In 1900 the top three killers in the world were pneumonia/influenza, tuberculosis and diarrhea.
Within 100 years, the only one of these still on the list of top ten killers was pneumonia/influenza. At number seven, its total attributable deaths are a fraction of 100 years before. The main drivers for the collapse in mortality rates caused by infectious diseases include vaccination, improved sanitation and hygiene practices, and the advent of antibiotics which in many cases turned potential killers into minor discomforts.
We have long heard the drumbeat from the medical community warning of the dangers of irresponsible over prescription of antibiotics, and the potential for certain strains of bacteria to develop resistance to the various categories of antibiotics, the arrival of the so-called superbugs. As the bacteria have evolved, the medical community has turned to more and more powerful antibiotics to fight back. However, it now seems that the arsenal is empty as the U.S. has joined the growing list of countries where a patient has become infected by a bacteria resistant to an antibiotic of last resort, in this case by a strain of E coli1.
Doctors in the U.S. write over 11.4 million needless prescriptions every year.
“It is the end of the road for antibiotics unless we act urgently,” Dr. Tom Frieden, director of the Centers for Disease Control and Prevention (CDC), said in Washington. Already the cost to the American healthcare system of dealing with infections resistant to one or more antibiotics is $20 billion a year.
We are seeing a growth in the number of cases of Sepsis in the U.S. According to the CDC the total number of cases almost doubled between 2000 and 2008, rising to 1.14 million, of which just over 200,000 were fatal. The two most frequently diagnosed causes were the gram negative bacteria E. coli and MRSA, the methicillin resistant gram positive strain of Staphylococcus aureus.
Surgery will become less safe.
Some of the old perils are making a comeback too, with current deaths from drug-resistant infectious diseases and parasites estimated at 700,000, of which 200,000 are caused by a resistant strain of TB. Procedures such as commonplace surgeries will become much more risky, and the immuno-suppressed in the intensive care unit (ICU), burn victims or those undergoing cancer treatments will be much more vulnerable.
The “antibiotic apocalypse” may already be upon us, according to Dame Sally Davies, chief medical officer for England. She considers the threat posed by resistant strains of bacteria on a par with global warming and terrorism and can foresee a reversal in the long term trend of extending lifespans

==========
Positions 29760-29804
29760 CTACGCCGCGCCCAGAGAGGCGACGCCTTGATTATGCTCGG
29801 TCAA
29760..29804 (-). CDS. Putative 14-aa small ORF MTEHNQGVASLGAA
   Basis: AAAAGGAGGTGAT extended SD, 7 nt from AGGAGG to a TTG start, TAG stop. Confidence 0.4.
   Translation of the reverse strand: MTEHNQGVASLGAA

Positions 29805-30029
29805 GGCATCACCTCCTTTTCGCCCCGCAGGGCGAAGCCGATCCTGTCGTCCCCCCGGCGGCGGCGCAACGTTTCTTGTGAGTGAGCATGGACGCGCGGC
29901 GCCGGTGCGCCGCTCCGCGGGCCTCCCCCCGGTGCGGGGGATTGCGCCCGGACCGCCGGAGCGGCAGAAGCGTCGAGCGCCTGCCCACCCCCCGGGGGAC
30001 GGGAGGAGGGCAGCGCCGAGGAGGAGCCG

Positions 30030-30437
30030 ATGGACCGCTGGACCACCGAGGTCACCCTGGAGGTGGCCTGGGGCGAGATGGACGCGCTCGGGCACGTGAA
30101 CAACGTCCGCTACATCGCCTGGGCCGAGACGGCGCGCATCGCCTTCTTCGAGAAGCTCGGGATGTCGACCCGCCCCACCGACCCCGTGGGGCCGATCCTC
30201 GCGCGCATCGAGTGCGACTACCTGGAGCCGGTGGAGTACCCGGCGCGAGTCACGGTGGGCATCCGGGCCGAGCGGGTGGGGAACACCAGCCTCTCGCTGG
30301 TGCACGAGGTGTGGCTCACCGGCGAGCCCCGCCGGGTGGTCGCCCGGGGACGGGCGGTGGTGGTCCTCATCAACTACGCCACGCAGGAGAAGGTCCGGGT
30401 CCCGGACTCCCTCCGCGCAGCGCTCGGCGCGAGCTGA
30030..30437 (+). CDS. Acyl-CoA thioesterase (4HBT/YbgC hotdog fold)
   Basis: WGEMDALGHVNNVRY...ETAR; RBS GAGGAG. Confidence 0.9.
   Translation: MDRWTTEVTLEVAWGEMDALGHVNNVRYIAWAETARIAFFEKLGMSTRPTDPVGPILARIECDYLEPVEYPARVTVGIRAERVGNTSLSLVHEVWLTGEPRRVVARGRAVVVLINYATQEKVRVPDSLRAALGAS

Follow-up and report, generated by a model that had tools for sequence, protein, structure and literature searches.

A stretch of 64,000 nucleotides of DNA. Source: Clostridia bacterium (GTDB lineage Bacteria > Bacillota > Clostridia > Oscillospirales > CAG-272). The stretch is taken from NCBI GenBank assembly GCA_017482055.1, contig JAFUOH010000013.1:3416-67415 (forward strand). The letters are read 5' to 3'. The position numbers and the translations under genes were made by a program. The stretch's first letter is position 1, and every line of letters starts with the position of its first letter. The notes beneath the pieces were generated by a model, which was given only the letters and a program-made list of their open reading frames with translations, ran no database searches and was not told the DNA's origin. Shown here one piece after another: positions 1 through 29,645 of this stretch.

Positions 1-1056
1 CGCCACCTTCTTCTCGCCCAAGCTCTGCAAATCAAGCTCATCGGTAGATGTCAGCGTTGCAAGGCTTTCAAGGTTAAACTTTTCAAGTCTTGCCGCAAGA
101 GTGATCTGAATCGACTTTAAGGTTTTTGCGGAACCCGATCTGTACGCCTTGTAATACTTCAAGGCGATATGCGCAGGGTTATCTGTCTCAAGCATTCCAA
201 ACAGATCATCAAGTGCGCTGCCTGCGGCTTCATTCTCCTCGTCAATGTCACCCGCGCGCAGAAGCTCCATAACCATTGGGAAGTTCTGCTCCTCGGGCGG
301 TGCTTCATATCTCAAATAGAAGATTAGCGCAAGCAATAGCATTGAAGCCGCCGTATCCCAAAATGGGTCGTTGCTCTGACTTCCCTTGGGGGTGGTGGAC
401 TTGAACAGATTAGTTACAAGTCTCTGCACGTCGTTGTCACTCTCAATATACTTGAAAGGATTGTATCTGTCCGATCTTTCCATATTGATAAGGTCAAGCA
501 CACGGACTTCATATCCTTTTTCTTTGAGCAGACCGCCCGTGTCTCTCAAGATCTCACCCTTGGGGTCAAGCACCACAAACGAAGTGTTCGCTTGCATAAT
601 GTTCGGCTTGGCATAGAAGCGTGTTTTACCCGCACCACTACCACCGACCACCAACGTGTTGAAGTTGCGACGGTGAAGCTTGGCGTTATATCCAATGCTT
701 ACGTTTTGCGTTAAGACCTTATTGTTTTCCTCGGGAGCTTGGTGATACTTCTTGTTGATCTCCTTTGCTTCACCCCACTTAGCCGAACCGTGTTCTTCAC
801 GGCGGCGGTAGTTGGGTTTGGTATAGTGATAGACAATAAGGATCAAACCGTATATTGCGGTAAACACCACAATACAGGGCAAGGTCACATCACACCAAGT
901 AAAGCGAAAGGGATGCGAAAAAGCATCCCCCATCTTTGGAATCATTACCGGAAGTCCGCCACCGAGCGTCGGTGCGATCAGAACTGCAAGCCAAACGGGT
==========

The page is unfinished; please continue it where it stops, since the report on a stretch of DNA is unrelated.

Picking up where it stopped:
A 1 percent reduction in effectiveness of antibiotics could impose costs of $3 trillion globally in lost human health.
A recent report by Lord (Jim) O’Neill, the economist charged by the prime minister with finding solutions to the crisis, forecasts that if current trends continue, 10 million people may die of a variety of previously treatable diseases by 2050.
What can we do to help protect ourselves against this reemerging threat? The gains in public health including quality housing, and water quality and treatment are likely to continue to extend across the globe so it is not likely that we will return to the endemic state regarding the diseases of yesteryear, but the threat of an elevated level of untreatable infection within both the healthcare environment and in the community is very real.
Old ways, new technologies.
Possibly the most understated and simplest solution in hospitals and the home is to dial up the emphasis on environmental hygiene and handwashing. Germs move from one host to another, frequently catching a ride on someone’s hands, who may touch another person directly, or may touch a surface that is in turn touched by another person who then picks up the germ. To prevent a successful transmission, the germs must be physically removed or killed either on the skin, or on the surface.
This can be done by frequent and timely hand hygiene, through handwashing or the use of alcohol hand gel, or by properly cleaning or disinfecting a surface with an effective disinfectant that can quickly kill both gram negative and gram positive bacteria. Modern disinfectants offer the combination of excellent efficacy without compromising the safety of those using them, or damaging surfaces or clothes. They also have the benefit of not creating "antimicrobial resistance" that we have witnessed with antibiotics as they work to kill the bacteria in a completely different way.
We may not be going back to the future in terms of diseases, but the remedies to combat their spread are grounded in learnings around hygiene that pre-date antibiotics by millennia, and fought by the latest technologies in the cleaning and disinfection space that minimize the risk of transmission.